Japan-headquartered Kamonohashi Project (Kamo) and India’s Dasra have collaborated for the Zero Traffick research report to eliminate sex trafficking in India.Founded in 2002, Kamo has operations in Cambodia and in India and aims to put an end to the issue of human trafficking. It manages programmes that seek to provide employment for vulnerable women and education for vulnerable adolescent girls who could be sold into sex trafficking due to their poverty.
Zero Traffick analyses the issue of sex trafficking and the key means to tackle this issue in India. The collaboration started when Kamo decided to commission a research report to Dasra about issue and stakeholder analysis of sex trafficking in India. Kamo co-funded this research report with Hummingbird Trust, a UK-based family philanthropist, according to Tomomi Shimizu, senior programme manager with Kamo.
The research was published and launched at the Trust Women Conference 2013 in London on 3 December 2013. “It was a 10 month process, and a long journey for all of us to produce this report, but with Dasra’s great analytical skills and patience for the best quality, we are very happy to launch this,” Tomomi said.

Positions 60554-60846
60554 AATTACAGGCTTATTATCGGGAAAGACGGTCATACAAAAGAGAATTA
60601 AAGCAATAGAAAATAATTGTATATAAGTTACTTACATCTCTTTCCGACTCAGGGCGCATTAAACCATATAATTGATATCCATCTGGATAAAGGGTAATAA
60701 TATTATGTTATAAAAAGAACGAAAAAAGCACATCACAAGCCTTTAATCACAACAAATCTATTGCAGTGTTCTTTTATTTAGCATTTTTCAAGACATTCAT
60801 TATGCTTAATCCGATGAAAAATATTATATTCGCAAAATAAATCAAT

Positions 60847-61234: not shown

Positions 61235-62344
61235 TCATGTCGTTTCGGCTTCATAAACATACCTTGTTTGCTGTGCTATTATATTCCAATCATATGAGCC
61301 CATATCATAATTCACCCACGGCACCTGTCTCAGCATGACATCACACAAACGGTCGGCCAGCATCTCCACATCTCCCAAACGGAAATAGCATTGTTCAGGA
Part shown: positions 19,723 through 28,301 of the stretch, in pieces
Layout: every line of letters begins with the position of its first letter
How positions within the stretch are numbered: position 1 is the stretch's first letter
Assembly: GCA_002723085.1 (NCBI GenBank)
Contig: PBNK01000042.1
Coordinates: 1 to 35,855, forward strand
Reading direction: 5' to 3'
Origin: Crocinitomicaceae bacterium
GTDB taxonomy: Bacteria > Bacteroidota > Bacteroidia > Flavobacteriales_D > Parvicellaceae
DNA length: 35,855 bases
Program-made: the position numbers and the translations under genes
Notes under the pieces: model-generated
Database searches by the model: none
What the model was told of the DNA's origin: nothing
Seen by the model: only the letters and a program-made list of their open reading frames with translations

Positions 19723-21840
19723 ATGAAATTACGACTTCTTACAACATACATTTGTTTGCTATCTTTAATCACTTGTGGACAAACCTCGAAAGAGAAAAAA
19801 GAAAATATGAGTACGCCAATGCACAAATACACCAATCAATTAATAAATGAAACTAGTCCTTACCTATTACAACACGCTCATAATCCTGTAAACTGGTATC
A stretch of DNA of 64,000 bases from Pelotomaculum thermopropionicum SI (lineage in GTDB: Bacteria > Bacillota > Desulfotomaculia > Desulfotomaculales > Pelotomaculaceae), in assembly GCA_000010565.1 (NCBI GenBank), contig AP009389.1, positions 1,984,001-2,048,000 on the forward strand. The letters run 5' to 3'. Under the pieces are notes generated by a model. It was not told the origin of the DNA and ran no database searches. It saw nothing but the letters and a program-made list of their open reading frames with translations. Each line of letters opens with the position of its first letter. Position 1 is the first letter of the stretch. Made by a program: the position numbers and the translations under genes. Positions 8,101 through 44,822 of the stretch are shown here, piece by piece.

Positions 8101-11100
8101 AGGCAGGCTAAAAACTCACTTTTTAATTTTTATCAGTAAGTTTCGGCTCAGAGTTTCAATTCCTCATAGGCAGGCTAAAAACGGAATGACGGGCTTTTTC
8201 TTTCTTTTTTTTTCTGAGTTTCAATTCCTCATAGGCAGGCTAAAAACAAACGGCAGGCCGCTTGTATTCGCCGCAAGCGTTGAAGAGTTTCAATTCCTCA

According to the report, three million women are engaged in commercial sex activity in India, a 50% rise from 1997. Secondly, more than 60% of those trafficked into sex work are adolescent girls between the ages of 12 and 16. Commercial sex activity is a huge problem in India and there are 300,000 brothels in 1,100 identified red-light areas in the country, which house nearly five million children.
Kamo’s role in the research was to provide its expertise in issues related to sex-trafficking, to introduce their networks (NGOs and experts) to Dasra’s research team and to advise the team in improving the quality of the report.
With the research report, Dasra’s team has been recruiting members to join Dasra Giving Circle, which will support future projects related to the findings. The Giving Circle is planned to convene in early 2014.